print less than one-fourth of that number. The part printed gave only the slightest description of the method of the problem, and no qualifying explanation. It was, in fact, but a series of tables and dogmatic assertions. Chagrined, I asked the privilege of printing the paper in full in some other magazine and this was done in Education, vol. xxiv, p. 603-13, June, 1904.

Had Professor Jastrow happened to run across it there he would, I dare say, hardly have thought it worth the while to emphasize so many of the possibilities of error, for they are there pointed out. So generally are the points that he criticised in the World's work paper touched upon in the Education article that it seems hardly worth the while to discuss them in detail at this time.

However, briefly. First. It is true that I used The World Almanac as the source of data for living oraduates. The table is headed “ Communicated to the World Almanac by the presidents of the respective institutions.” It has, moreover, the appearance of exactness since' a very large proportion of the figures are carried out to the place of units. For instance, the five colleges coming first in the edition used give 772, 72, 566 and 985 respectively. It is interesting to know that our college presidents are not taking proper care in making returns.

Second. The possible effect of the more rapid increase in student body of some colleges than of others is discussed at length in the Education article, as is the lag in making place in Who's who.

Third. The presence of technical students among the graduates of some colleges and not of others is also considered. However, Who's who contains the names of large numbers of such and we have no reasons to suppose that they are in any way discriminated against.

Fourth. The question of coeducation in its effect upon the returns is given considerable space. Even Professor Jastrow does not, if I understand his paper, follow what he asserts to be the only “fair method” and “exclude this factor absolutely."


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Special method in elementary science for the common school-By C. A.
MCMURRY. New York: The Macmillan Co. 275 P.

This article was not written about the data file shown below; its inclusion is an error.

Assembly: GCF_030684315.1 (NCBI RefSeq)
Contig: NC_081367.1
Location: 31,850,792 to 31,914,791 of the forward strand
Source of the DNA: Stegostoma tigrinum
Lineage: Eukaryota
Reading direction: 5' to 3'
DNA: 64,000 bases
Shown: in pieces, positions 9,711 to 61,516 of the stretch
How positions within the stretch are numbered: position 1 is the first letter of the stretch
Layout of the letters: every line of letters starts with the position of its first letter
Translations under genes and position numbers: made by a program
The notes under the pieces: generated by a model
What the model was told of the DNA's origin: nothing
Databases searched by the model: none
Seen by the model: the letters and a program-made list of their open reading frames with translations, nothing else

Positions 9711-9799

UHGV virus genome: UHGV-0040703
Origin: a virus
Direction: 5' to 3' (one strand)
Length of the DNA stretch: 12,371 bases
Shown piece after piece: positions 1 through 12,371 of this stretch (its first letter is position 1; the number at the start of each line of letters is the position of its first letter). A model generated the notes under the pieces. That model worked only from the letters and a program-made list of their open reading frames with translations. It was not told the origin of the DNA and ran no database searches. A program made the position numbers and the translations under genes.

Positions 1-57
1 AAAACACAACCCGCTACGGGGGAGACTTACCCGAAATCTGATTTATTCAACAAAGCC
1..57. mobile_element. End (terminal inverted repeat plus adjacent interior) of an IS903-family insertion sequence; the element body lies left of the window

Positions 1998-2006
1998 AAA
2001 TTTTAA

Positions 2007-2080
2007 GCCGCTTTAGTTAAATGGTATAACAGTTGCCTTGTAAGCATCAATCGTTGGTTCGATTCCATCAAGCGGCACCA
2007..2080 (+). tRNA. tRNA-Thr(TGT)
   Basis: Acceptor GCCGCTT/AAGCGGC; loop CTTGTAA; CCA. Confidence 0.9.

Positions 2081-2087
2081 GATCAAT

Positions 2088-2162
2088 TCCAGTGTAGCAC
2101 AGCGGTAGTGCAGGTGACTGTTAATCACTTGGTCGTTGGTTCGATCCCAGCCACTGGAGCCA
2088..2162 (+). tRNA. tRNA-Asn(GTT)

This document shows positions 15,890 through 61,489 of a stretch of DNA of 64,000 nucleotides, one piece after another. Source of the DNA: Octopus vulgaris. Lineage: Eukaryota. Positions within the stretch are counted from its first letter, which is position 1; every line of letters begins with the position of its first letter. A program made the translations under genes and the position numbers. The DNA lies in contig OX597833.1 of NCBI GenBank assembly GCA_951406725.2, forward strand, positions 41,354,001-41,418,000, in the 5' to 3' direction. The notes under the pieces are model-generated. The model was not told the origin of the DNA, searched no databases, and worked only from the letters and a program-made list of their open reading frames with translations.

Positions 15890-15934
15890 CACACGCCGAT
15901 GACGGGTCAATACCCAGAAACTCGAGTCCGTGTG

75 cents,
This is in part a revision of McMurry's Special method in
science (1896), and to the original book are added plans for
the four upper grades of the elementary school.

The first seven chapters discuss the general bearings of science " in elementary education under the following chapter headings: 1. Introductory discussion; II, History and aim of science teaching; III, Planning the course of study and means of simplifying it; IV, The basis for selecting and arranging topics for the course of study; V, The gradual approaches to science ; VI, The application of science to life; VII, Method in science lessons.

In commenting on the contents of the book, we note first the word "science" in the title. The school work under consideration is so elementary that certainly little of it is really science, but rather nature-study, as that term is now understood by most scientific men who have given attention to elementaryschool work. It appears that the author felt uncertain in his use of the word "science," for the terms nature-study and science are used quite interchangeably and synonymously in his text. For example, in Chapter IX the first sentence refers to the "course of study in elementary science," and the plan for this begins five pages beyond with the bold heading, “Outline for nature-study.” It is unfortunate that these terms are used so loosely in this new edition. It is time that educators drop the word "science" for elementary-school studies of nature, no matter how superficial they may be, and by so doing avoid confusion with high-school work, to which “elementary science” may be more properly applicable.